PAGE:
by Peter Boag $39.95; Univ. of Calif. Press; 257 pages
The outfit was beyond your budget.
It was impractical, too, because you'd probably never wear it. It looked great on, it fit just right, it was so perfect, but it would just hang in your closet. Still….
You couldn't whip your credit card out fast enough.
Do clothes make the (wo)man? Are we what we wear? In the new book Re-Dressing America's Frontier Past, author Peter Boag proves that those questions plagued our ancestors more than history admits.
Joe Monahan's neighbors were shocked.
The fall of 1903 was short and winter came early. Tough and self-sufficient, Joe had come to the Mallory ranch complaining of illness and he didn't look good. Shortly after his arrival, he died in the warmth of his neighbors' home.
The shock came when they went to prepare Joe's body for burial: Grizzled Joe Monahan was a woman.
Boag says that such scenarios were common in the West in the decades between 1850 and 1920. Cross-dressers, for myriad reasons, were "very much a part of daily life…" and while people tittered and talked, general attitudes were based on late-19th-century beliefs on gender. Medical experts eventually claimed that cross-dressing was part of a "neurological disease" called homosexuality, and "…homosexuality was understood as an unfortunate by-product of modernization."
However, button-holing wasn't so easy.
For women, the frontier was a man's world. There was adventure and prosperity there, and becoming a man as much as possible was a way to seize opportunity. Safety was another reason for appearing masculine, cross-dressing could be scandalous fun, and it could help escape punishment for criminal behavior. There were also women who believed themselves to be boys from birth.
For smooth-faced men, it was common to dress as women for dances and parties because biological women were scarce. Men impersonated women to entertain others. In some Native American communities, "berdaches" were encouraged to embrace femininity. Like some women, males took on girlish appearances to escape crime, and then there were the men who simply wanted to "be" women.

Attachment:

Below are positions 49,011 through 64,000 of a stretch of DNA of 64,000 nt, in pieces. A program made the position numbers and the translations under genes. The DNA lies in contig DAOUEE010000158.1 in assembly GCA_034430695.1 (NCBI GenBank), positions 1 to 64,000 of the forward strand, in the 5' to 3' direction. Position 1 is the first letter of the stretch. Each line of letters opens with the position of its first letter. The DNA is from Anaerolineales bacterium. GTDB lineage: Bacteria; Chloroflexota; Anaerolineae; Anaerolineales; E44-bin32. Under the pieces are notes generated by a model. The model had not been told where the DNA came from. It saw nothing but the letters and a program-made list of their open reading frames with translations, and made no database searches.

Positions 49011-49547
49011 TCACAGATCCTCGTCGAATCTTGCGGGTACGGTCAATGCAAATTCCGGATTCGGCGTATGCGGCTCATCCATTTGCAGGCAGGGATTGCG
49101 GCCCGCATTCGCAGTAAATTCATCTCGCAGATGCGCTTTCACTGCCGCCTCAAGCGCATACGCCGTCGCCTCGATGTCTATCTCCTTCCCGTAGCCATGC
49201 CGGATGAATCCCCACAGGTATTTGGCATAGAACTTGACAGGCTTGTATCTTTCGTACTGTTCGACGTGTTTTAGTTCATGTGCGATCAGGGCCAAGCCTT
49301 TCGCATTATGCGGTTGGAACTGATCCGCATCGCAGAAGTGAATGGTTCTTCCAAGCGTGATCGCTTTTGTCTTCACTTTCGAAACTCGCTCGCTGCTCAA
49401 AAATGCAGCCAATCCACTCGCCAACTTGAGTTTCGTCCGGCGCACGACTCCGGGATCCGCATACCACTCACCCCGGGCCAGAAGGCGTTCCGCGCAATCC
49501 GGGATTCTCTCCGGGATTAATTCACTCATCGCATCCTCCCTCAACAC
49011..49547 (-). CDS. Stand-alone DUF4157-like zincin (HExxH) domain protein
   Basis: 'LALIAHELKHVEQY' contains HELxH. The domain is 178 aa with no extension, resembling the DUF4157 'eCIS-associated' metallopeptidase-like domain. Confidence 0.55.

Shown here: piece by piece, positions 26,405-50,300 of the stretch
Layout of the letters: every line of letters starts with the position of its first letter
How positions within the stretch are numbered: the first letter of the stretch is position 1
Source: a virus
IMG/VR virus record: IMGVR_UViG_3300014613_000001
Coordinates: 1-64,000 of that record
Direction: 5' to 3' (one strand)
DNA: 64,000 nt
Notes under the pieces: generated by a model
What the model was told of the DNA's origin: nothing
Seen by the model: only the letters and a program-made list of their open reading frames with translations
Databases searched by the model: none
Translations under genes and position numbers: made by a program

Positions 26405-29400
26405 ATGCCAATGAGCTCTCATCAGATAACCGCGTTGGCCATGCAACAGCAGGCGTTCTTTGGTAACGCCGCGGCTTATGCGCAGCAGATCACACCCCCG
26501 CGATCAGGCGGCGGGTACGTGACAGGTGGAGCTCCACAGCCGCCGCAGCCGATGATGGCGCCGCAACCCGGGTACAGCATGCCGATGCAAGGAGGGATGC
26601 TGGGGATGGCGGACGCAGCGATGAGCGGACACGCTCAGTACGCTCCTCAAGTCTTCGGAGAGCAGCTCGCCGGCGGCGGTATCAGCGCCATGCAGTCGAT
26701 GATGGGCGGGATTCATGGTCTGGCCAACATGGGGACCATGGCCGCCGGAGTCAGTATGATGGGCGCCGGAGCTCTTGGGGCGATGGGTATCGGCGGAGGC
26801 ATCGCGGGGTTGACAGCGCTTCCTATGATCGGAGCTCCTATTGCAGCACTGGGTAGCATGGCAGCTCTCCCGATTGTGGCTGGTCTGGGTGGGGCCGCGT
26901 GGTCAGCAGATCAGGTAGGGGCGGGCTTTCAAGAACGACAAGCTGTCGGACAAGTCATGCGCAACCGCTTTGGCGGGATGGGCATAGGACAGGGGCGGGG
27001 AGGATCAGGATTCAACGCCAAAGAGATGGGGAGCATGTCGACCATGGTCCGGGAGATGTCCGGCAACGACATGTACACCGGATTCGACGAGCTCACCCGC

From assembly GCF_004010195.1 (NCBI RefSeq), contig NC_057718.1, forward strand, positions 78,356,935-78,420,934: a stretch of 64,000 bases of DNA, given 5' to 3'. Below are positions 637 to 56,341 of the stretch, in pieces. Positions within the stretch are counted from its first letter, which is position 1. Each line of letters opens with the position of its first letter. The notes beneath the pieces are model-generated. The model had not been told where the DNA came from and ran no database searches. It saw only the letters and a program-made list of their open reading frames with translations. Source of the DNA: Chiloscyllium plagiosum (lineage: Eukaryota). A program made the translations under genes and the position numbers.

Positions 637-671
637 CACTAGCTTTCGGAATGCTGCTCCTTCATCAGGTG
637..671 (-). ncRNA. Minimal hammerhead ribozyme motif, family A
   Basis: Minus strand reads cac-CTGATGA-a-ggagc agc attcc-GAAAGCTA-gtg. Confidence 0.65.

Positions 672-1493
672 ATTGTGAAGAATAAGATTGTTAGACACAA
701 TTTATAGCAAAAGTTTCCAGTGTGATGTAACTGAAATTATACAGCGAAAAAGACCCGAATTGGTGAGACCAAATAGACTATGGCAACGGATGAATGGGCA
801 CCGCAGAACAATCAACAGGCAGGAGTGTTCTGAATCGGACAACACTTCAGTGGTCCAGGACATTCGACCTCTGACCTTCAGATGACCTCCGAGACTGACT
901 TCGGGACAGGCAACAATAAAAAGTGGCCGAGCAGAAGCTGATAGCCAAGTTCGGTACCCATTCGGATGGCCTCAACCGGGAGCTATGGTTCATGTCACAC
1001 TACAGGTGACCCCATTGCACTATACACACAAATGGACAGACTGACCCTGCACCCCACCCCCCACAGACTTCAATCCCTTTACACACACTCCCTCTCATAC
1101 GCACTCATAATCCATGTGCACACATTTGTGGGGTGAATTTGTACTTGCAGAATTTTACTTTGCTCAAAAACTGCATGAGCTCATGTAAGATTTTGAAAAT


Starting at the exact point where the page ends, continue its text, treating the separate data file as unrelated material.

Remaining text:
But for those men, and their female counterparts, life wasn't easy.
Being arrested for the "crime" of wearing clothes for the opposite sex was common and cross-dressers were often shunned. Interestingly, however, their partners (usually same-sex) were generally socially accepted.
Re-Dressing America's Frontier Past is good, but long.
Boag offers lots of excellent examples to back up his reasoning behind why these stories are largely hidden from history, and what he found will set western fans (not to mention screenwriters) on their ears. This is fascinating stuff, on many levels.
And yet, the book has its distractions. It's very scholarly and often reads like a dissertation, which occasionally makes it hard to read if you're just looking for a peek at hidden history and not a lecture.
That aside, because it uncovers a wealth of stories that are overdue for telling, I liked "Re-Dressing America's Frontier Past" and I think you will, too. If you're a Western History buff especially, you need to outfit yourself with this book soon.
Want more? Look for Best Little Stories of the Wild West by C. Brian Kelly; or Outrageous Women of the American Frontier by Mary Rodd Furbee.